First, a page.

There is no enrollment fee to participate in the AZSTEP. To learn more about AZSTEP and to enroll in the program, contact O’Shea at

The recently implemented United States Mexico Canada Agreement, which replaced NAFTA, has “bolstered the confidence” of companies that the “relationship is solid” between the U.S., Mexico and Canada, O’Shea said.

The agreement lays out “very clear rules in the game” and “even during the whole negotiation of the USMCA, when companies in Arizona were concerned about how it would unfold, it didn’t slow them down in terms of their work with Mexico. They’re very confident in their relationship with Mexico and their opportunities in Mexico,” he added.

O’Shea believes the agreement will strengthen the supply chains and provide more opportunities for Arizona companies to participate, for instance, in the automotive supply chain.

“Interestingly, Arizona has become, to the surprise of some, a player in the automotive industry,” in particular the electric vehicle industry.

The proximity to Mexico and the relationship between Arizona and Sonora, which is an important player in the automotive industry, is the reason Lucid Motors is constructing a manufacturing facility in Casa Gande.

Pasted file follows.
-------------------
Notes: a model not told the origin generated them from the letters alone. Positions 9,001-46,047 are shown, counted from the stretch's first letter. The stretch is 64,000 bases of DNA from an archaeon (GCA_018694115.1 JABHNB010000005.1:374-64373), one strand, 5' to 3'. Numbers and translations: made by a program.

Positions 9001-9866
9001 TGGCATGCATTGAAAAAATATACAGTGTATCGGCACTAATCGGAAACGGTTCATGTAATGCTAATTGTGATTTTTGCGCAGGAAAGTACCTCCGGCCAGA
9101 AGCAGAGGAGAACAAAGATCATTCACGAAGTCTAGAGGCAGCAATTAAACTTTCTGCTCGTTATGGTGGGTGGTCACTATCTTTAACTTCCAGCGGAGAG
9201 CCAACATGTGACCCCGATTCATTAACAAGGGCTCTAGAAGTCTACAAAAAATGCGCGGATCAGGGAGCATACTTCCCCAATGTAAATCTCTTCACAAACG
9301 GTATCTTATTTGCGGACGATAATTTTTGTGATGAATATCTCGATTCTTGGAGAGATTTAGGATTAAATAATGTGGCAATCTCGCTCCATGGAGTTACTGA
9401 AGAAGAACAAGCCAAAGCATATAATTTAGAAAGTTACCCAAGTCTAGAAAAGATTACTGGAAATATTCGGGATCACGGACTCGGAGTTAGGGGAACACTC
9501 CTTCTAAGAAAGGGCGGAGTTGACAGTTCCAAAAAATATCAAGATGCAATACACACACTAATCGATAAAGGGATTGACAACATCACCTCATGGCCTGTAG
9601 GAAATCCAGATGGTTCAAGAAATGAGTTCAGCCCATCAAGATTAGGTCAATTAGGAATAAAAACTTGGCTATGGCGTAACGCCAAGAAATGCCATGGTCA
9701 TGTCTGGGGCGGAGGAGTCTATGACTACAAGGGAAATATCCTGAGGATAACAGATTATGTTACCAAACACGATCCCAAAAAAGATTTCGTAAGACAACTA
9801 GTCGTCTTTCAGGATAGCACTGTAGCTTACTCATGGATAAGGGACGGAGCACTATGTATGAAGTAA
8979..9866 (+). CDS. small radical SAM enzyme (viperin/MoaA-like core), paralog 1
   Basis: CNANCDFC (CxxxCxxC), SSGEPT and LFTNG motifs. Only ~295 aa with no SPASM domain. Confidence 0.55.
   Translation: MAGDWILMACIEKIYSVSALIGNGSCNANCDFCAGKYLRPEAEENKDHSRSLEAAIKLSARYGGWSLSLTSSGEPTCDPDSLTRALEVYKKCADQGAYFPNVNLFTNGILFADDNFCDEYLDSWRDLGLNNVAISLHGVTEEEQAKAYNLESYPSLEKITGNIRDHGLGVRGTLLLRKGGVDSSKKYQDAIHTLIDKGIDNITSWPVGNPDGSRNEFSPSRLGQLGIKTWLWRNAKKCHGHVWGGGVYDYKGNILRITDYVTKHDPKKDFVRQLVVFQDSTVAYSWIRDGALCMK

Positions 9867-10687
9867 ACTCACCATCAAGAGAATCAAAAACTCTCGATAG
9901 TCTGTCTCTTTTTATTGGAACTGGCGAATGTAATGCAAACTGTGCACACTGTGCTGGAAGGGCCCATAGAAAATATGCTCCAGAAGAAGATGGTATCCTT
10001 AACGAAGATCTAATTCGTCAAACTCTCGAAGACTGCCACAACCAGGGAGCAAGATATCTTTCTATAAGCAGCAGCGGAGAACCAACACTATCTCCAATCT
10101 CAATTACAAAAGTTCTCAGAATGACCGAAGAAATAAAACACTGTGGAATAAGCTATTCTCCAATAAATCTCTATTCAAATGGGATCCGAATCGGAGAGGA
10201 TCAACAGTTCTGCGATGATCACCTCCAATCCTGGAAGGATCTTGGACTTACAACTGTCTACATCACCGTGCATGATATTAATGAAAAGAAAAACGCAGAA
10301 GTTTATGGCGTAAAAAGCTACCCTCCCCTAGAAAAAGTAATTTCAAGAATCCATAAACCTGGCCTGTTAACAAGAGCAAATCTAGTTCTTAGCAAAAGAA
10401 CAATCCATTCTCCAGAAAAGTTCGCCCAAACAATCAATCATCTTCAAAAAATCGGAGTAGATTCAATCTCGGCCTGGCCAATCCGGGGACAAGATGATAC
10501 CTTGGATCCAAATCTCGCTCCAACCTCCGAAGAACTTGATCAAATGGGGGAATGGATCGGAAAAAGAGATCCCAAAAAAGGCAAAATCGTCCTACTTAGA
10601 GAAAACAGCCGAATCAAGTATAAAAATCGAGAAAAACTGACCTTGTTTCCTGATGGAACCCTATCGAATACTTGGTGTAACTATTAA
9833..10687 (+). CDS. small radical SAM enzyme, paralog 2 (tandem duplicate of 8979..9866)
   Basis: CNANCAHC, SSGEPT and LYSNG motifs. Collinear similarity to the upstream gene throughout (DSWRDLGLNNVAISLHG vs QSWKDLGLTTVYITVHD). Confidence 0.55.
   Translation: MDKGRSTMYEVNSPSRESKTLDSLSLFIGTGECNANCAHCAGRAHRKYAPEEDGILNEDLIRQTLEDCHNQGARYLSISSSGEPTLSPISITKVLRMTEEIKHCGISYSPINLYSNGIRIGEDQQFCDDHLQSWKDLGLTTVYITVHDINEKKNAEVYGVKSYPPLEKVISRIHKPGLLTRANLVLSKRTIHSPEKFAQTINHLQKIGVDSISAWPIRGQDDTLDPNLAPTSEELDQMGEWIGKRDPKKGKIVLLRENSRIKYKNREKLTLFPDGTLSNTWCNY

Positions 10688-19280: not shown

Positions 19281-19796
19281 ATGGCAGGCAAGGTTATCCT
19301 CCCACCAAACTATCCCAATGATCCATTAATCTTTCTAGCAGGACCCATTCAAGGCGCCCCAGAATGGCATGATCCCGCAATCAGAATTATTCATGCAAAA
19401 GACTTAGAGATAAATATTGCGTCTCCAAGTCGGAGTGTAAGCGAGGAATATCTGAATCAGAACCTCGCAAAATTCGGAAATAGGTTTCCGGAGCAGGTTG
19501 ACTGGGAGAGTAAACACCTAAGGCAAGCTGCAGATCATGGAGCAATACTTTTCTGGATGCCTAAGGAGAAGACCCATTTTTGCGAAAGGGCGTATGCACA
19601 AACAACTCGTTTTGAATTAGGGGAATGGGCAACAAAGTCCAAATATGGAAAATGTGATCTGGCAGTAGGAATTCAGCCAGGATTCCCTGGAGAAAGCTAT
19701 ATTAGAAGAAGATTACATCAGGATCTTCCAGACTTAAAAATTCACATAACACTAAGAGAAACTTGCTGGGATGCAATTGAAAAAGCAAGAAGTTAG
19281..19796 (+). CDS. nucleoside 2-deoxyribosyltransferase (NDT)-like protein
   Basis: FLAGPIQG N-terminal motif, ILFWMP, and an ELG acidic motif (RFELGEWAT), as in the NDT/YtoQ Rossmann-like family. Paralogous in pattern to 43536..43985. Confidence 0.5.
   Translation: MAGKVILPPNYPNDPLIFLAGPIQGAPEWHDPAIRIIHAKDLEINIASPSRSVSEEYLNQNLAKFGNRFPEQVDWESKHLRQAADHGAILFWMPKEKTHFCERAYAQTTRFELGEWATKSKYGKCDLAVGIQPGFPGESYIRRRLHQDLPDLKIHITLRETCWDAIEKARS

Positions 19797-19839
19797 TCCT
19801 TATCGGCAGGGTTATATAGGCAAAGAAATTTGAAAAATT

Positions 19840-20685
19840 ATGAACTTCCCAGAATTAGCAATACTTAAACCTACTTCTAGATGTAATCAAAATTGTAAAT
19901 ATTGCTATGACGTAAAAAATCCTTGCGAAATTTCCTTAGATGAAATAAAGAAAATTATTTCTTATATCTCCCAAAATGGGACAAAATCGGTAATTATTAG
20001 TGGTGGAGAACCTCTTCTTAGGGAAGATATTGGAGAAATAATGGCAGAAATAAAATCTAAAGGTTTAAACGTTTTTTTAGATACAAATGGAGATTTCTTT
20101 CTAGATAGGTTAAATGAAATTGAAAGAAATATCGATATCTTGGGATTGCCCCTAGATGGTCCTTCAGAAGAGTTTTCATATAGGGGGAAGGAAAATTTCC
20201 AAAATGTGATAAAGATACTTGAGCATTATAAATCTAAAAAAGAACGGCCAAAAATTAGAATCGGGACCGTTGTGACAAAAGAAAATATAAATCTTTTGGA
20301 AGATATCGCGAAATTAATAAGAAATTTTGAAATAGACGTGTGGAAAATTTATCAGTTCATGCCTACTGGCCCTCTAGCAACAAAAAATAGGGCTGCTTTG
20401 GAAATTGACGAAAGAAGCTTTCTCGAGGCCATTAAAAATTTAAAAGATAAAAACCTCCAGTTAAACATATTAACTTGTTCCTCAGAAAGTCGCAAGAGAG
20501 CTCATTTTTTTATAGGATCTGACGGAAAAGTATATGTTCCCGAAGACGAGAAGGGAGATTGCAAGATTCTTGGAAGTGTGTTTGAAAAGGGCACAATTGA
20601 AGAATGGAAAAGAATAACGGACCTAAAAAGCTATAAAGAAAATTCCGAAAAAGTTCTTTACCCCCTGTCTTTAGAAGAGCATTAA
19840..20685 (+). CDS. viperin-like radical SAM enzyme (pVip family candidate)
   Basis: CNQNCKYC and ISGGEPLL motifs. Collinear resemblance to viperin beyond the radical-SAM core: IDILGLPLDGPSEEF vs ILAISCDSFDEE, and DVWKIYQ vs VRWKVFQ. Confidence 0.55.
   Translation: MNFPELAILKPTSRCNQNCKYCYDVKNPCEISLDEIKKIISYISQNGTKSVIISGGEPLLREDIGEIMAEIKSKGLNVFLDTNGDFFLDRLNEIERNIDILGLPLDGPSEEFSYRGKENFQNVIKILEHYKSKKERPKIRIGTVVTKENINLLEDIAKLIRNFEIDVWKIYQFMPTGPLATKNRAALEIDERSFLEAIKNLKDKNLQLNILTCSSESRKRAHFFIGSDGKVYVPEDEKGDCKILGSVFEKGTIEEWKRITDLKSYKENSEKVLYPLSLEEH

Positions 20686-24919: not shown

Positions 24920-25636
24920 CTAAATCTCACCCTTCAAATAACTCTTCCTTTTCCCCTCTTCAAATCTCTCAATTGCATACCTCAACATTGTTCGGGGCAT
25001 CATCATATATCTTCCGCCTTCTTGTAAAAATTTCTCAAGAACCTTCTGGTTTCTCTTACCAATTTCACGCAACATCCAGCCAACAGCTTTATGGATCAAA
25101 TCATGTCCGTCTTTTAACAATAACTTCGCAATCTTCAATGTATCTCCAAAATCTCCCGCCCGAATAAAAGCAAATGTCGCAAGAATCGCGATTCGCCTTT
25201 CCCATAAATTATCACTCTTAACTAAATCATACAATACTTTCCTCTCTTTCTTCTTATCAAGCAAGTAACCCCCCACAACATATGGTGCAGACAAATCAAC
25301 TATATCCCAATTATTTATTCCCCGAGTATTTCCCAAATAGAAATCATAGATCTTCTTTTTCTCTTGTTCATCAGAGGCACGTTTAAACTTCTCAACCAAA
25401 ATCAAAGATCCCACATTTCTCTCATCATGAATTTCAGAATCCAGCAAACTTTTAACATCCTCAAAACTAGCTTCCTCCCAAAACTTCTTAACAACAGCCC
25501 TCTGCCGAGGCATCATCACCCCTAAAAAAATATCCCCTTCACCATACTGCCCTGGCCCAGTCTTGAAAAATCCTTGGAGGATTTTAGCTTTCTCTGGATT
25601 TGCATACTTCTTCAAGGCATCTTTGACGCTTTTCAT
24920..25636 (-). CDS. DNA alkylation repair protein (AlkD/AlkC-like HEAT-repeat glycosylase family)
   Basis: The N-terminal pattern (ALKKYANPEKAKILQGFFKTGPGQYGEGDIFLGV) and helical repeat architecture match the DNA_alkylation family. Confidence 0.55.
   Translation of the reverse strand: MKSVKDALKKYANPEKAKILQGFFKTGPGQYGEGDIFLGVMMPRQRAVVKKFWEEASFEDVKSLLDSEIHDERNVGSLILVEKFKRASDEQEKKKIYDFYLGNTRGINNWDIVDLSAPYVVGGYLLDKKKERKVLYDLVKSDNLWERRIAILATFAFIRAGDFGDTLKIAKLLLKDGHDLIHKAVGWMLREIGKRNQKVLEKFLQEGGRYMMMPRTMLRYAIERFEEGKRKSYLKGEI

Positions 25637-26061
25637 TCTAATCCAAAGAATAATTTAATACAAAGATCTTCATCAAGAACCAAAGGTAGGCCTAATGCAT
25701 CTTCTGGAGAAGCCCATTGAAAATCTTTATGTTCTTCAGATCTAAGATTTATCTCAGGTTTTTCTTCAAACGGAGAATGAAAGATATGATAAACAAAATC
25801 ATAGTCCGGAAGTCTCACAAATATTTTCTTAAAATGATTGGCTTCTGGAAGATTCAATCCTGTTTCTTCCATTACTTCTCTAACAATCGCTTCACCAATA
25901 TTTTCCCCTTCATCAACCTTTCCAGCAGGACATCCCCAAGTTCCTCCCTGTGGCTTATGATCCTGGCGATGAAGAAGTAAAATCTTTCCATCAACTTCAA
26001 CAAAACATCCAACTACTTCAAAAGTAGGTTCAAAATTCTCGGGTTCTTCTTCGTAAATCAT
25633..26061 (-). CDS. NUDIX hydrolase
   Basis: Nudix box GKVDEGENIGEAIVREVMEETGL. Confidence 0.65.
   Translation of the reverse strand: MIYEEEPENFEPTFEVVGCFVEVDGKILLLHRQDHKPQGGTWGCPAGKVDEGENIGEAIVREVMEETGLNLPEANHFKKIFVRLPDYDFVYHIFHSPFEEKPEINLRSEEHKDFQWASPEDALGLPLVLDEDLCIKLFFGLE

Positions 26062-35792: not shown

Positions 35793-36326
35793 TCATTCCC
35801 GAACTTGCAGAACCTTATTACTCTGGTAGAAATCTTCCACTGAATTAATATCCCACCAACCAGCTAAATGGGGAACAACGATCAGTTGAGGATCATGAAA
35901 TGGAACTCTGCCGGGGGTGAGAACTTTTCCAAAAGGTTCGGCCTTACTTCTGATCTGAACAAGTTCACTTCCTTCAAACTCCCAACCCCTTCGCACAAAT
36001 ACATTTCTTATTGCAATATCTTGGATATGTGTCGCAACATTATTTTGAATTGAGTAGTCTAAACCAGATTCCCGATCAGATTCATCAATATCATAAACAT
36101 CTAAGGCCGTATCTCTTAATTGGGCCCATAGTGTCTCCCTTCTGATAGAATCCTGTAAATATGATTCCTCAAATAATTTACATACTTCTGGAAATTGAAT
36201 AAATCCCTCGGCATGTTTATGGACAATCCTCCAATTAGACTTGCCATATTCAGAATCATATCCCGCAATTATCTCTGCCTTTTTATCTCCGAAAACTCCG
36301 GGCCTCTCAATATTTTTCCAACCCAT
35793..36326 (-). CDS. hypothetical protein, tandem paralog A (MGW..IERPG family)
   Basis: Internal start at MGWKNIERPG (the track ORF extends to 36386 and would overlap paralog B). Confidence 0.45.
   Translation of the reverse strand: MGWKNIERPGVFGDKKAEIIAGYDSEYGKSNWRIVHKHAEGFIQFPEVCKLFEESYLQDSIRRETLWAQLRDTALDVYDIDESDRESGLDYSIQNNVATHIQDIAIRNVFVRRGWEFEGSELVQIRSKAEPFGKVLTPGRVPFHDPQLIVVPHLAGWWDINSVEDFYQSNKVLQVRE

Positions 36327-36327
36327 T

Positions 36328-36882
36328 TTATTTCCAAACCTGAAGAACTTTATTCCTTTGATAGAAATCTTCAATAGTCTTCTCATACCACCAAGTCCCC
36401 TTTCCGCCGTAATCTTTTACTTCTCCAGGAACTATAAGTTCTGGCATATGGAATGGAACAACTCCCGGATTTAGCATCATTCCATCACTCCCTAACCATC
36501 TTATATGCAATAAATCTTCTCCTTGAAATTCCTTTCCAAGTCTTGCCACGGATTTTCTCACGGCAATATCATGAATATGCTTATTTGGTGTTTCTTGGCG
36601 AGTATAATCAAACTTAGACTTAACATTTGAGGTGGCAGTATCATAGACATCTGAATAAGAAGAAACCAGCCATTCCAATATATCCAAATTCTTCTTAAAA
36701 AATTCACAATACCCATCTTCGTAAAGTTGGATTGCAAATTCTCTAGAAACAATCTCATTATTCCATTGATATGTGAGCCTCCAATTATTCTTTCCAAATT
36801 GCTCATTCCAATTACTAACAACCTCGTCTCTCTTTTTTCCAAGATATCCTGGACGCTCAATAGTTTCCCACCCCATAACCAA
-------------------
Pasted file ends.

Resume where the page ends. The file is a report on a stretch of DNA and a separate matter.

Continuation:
O’Shea has also been getting more inquiries, especially in the past six months, from Arizona companies that have their manufacturing done in China who are looking to move their manufacturing to North America. Some are considering doing some of the manufacturing in Arizona and some in Mexico.

Although, with the pandemic, most of the activity has gone virtual, the ACA trade teams have never been busier. “That’s probably shocking to some,” O’Shea said.

For more information on how the Arizona Commerce Authority can help with export plans, contact O’Shea at